The Beatles said it best: “All you need is love.”
There is good reason to believe that spirituality and love improve seniors’ quality of life. They give them hope, companionship, support and a sense of purpose.
Over the past few weeks, I’ve taken to social media to share my parents’ sappiness (how loving and romantic they have been toward each other). It’s been both beautiful and slightly uncomfortable to watch. It’s uncomfortable because they are my parents — and who really wants to see their parents being romantic?
However, after reading several of the comments on my social media posts mentioning the sweetness in my parents’ gestures and suggesting that I write another book telling their love story, I paused to soak it all in. I’m still pondering the suggestion while I reluctantly acknowledge that my parents’ love is especially beautiful now during the winter of their lives.
At 81 and 83 years old, respectively, my parents, who suffer from dementia, have trouble remembering recent facts and events but have never forgotten us or each other. They depend on each other in a special way I had not fully understood until recently.
Momma and daddy are away from each other now and have been for a few weeks because momma broke her hip, had surgery and is in a rehabilitation facility. They miss each other terribly and are always asking about each other. We take daddy to visit momma every few days and frequently must remind him of what happened. Every time we tell him or make him pause to absorb it, he gasps and shakes his head in deep concern for his “honey,” as if hearing it for the first time. He often follows up with, “We will pray for her.”
As we navigate caring for them separately, ensuring they visit often and communicate regularly, I am reminded of the power of love and its importance to the healing process. Momma perks up, sits up straighter, and her disposition quickly improves when daddy walks into her room. Daddy gets a little pep in his step, immediately kisses her and verbally affirms his love for her when he enters and departs.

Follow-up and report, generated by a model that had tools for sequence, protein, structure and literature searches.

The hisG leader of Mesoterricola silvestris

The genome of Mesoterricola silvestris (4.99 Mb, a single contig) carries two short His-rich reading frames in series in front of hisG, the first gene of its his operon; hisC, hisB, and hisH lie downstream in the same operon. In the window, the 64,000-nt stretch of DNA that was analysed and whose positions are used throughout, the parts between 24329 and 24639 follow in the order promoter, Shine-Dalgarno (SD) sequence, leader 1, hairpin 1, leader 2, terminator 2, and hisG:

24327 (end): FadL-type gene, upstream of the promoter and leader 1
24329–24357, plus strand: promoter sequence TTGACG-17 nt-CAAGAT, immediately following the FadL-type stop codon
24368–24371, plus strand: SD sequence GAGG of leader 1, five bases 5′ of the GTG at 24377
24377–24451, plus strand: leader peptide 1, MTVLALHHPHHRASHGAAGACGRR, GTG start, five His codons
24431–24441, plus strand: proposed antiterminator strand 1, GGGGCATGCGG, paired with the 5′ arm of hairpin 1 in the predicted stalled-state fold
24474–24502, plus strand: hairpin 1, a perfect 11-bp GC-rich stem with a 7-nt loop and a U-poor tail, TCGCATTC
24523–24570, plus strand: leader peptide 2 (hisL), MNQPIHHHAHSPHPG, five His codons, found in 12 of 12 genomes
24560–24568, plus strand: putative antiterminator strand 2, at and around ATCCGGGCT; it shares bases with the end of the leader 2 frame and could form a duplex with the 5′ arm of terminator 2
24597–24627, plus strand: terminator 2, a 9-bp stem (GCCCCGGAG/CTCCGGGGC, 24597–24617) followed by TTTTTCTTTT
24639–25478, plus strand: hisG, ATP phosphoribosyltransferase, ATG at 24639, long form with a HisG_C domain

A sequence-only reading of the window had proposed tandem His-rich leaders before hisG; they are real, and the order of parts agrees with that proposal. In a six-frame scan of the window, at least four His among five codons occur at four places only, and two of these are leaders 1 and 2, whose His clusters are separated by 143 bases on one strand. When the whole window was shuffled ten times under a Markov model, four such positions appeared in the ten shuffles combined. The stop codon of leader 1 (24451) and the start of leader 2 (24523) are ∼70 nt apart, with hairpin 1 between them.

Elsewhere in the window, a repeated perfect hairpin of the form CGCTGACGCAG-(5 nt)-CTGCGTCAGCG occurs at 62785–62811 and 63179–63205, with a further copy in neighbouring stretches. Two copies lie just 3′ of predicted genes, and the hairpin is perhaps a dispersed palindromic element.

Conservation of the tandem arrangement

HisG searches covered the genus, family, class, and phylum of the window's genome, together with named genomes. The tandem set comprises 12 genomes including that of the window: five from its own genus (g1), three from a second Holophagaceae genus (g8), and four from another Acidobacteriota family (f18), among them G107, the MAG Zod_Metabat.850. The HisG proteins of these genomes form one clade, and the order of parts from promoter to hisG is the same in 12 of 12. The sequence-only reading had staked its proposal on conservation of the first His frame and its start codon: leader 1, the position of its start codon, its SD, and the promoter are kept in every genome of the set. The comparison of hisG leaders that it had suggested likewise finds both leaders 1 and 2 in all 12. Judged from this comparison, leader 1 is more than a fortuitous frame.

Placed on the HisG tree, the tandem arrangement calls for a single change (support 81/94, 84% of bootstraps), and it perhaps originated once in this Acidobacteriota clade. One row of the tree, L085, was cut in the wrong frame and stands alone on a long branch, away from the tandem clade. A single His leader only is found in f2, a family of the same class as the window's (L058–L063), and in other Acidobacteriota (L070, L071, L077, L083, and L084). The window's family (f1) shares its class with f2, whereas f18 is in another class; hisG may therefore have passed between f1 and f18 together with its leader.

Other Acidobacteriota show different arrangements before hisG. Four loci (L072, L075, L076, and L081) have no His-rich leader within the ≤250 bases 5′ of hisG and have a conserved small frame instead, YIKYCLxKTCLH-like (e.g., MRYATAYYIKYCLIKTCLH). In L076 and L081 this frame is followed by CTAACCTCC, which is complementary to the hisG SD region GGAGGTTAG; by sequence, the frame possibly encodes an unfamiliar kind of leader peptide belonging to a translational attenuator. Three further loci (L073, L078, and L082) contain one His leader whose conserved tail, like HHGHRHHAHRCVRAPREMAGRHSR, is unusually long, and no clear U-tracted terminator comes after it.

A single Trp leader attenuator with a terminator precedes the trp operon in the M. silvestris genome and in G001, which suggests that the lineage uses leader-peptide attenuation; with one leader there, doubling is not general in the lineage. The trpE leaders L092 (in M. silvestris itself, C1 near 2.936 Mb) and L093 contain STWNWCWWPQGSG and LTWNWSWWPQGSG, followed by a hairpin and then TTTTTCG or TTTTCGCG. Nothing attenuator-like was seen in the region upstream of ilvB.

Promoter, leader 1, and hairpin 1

The love they display is not the love we remember seeing them share while growing up.
My parents have taught us so much over our lifetimes and continue to teach us today, even in their fragile state. They are educating us about true love – the kind that stands the test of time, heals wounds and soothes hearts. Their story is the perfect love story filled with the imperfections of human beings who are living and learning.
I recognize now more than ever that love has sustained them through ups and downs, most of which my brother and I never saw or heard.
The unconditional love that my parents have shared with each other and their children over 56 years of marriage has made this caregiving, journey one worth traveling. Our love for one another keeps us going when we are exhausted, encourages understanding when crankiness and uncooperativeness creep in and reminds us to be patient kind, and forgiving to one another, even when we are frustrated. The love we reciprocate to our parents as caregivers is what we observed and received from them as they raised us.
Love is an essential ingredient to caregiving, which can sometimes become routine and business-like. Caregivers must love those they care for, even if they are not their own family. A good amount of compassion and kindness helps those being cared for feel their dignity and worth, which makes them respond more positively to the care they receive.
Caregiving is a special journey. Some view it as a privilege while others consider it a burden. While it is, in fact, difficult on many levels, I accept the journey with pride. I am honored to care for such loving and spiritual parents. I realize, however, that not every caregiver feels the same or has had the same experiences.
Even if you are not on a caregiving journey at this point in life, start now. Celebrate the small things that are important to your loved ones so when they are older and unable to remember new things or do for themselves, they can be comforted by those precious memories.
There are times when caregiving will be extremely difficult to manage. Be loving, kind and patient as much as possible through those challenges. Pause, collect yourself and try to give your best because those you care for will feel your energy and respond accordingly.
As St. Paul tells us, love is patient and kind. It does not envy. It does not boast. It is not proud. So, always bring plenty of love into your caregiving journey.
Dr. Tracy Daniel-Hardy is the author of “The Adventures of Butch and Ruby: Chronicles of a Caregiver” and director of technology for Gulfport School District. She may be contacted at firstname.lastname@example.org.